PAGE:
UK drug development needs new path

By Mike Nagle

- Last updated on GMT

Related tags Drug development Clinical trial Pharmacology Drug discovery Uk

According to a review of public healthcare funding, the current
method of developing drugs is unsustainable and must be updated if
the UK is to remain at the forefront of European bioscience.

The independent review headed by Sir David Cooksey calls for a new drug development 'pathway' to be established so that drugs that specifically address UK health priorities can be brought to market faster.

The UK bioscience sector is second only to the US globally. More than 10 per cent of the drugs in trials or awaiting approval were discovered and developed in the UK.

Although the UK government has recently taken several steps to ensure that pharmaceutical companies continue to locate their research and development here, those companies often find it easier to develop drugs elsewhere for reasons such as cost and access to patients for clinical trials.

Clearly any speeding up of drug development should be targeted towards the most pressing needs of the country, As such, the report recommends the first step should be ensuring that health funding should be prioritised towards medicines and therapies that tackle unmet health needs.

In order to achieve this, the Department of Health (DH) should carry out a review to identify what these priorities should be. Once completed, the report suggests setting up a new Office for Strategic Coordination of Health Research (OSCHR) to implement this targeted acceleration of drug discovery.

But what should those changes be? A high pedigree of science expertise and new opportunities, such as the 'Connecting for Health' IT database are attracting industry back but the development process is still bogged down in complex regulations.

The review outlines several steps to improve the current state of affairs, suggesting that the government, regulators and industry can work together to implement a new path to drug development.

The report also argues that Health Technology Assessment (HTA) happens too late in the development cycle. The HTA programme seeks to improve the way research information on the cost, effectiveness and broader impact of treatments is presented.

Cooksey calls for new drugs to be made available to patients earlier through 'conditional licensing', for example at the end of Phase II tests, as long as patients are kept fully aware of any risks. Submissions to the report suggests that often patients are much more willing to take a risk than regulators assume.

The National Institute for Clinical Excellence (NICE) should also be involved at this stage to evaluate the cost effectiveness of the drug as well as its clinical use. The NHS national programme for IT (NPfIT) can be used to help. The database can be used to recruit suitable patients for clinical trials and assess side effects and efficacy.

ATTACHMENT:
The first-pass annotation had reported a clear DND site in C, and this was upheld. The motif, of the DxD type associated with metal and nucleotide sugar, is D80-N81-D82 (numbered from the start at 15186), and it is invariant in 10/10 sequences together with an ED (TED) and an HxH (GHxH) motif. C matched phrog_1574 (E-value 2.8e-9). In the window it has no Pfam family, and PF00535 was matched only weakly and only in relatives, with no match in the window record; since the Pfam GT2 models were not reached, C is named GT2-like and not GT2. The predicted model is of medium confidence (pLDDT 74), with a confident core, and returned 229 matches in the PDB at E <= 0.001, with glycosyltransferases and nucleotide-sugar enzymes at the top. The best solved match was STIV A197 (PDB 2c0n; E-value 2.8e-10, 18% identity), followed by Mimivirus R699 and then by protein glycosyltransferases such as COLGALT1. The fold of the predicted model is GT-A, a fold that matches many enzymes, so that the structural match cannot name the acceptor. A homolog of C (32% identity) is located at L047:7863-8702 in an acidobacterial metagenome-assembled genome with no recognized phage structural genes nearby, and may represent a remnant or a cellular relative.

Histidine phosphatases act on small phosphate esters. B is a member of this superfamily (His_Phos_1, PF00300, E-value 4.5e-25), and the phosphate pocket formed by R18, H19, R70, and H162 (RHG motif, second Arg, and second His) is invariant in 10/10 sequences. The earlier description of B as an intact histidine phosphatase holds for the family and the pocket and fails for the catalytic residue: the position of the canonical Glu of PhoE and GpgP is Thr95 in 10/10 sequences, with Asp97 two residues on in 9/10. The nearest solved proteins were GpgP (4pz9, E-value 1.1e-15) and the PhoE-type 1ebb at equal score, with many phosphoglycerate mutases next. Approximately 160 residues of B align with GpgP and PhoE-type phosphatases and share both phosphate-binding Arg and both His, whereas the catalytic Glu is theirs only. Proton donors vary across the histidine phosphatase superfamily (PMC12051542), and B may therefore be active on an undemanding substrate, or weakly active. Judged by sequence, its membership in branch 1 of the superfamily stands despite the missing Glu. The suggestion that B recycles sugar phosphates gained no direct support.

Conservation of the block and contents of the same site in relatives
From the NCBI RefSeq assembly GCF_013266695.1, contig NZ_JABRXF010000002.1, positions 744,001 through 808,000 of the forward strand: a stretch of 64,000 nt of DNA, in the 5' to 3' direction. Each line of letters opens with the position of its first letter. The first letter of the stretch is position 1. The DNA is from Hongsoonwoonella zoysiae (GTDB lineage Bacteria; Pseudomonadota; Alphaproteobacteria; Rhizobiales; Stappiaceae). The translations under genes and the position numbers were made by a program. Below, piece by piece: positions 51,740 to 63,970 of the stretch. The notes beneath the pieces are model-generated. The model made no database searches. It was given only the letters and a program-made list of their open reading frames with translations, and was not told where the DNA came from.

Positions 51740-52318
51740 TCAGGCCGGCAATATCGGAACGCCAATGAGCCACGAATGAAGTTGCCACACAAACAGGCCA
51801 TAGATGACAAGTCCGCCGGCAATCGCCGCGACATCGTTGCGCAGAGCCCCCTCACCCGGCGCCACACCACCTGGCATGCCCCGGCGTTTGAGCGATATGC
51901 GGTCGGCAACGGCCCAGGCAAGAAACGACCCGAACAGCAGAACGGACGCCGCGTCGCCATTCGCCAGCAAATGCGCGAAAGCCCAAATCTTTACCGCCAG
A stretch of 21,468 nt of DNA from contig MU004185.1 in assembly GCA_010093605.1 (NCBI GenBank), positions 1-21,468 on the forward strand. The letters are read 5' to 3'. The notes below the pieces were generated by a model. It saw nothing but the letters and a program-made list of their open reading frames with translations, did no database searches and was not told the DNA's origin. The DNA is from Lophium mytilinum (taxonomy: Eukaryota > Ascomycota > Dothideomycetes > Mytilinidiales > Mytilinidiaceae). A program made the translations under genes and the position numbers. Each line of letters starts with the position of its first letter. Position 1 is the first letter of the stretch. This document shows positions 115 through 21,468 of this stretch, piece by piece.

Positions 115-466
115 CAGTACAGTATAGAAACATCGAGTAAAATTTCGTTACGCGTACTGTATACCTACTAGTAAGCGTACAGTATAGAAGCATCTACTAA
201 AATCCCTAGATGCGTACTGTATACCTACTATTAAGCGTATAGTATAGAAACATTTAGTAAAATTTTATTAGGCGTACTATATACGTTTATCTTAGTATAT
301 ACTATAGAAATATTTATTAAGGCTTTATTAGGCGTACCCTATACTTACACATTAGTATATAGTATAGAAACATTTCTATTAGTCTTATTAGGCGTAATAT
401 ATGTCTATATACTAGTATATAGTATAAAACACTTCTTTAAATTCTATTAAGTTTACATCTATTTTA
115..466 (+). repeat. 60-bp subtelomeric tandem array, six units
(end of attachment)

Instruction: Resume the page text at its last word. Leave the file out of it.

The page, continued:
Once NICE has appraised a drug, the report recommends that there should a clearer process to follow up any recommendations for further research more rapidly and systematically.

In order to help manage these recommendations, and others mentioned in the report, the OSCHR could bring together the budgets of the Medical Research Council (MRC) and the Department of Health (DH) to guide government health research by setting its strategy and budget and monitoring how effectively it is delivered. The office will also communicate these priorities to industry by identifying qualifying public and private research as 'UK Priority Health Research Projects.'

Research projects would qualify on the basis of whether it targets an unmet need, its quality and the likelihood of the research having a significant impact. The report recommends that the newly branded projects could gain advantages such as faster approval for clinical trials in the NHS and swifter review by NICE.

"We are building a true knowledge economy and therefore a science society,"​ said Malcolm Wicks, the Minister for Science and Education, speaking at Genesis VI, a biotechnology networking conference in London yesterday.

Much of the countries research into drugs comes from the academic sector or from 'spin-out' companies borne from university science departments. However, the funding for such new companies could be better distributed warned an MP for the ruling Labour party, Ian Gibson. Also at Genesis, he noted that research and development funding, especially from venture capitalists, seemed to focus on only one or two centres.

He said: "There are so many chances missed in this country. It's not all about Oxford and Cambridge. For too long, there have been black holes of innovation that we've never heard of."

According to Gibson, this situation could be partly rectified if academics made more effort to have a "meaningful relationship with industry."

Aisling Burnand, chief executive of the BioIndustry Association (BIA) welcomed the report.

She said: "In particular, the recommendation for a new drug development pathway could have a dramatic impact by reducing the cost of drug development, which can only be good news for UK patients," said.

"We also welcome the recommendation to improve the translation of research into health and economic benefits."

"What is needed now is action. It is important that the recommendations are implemented swiftly and that sufficient funding is provided to enable this."

Related topics Preclinical Research

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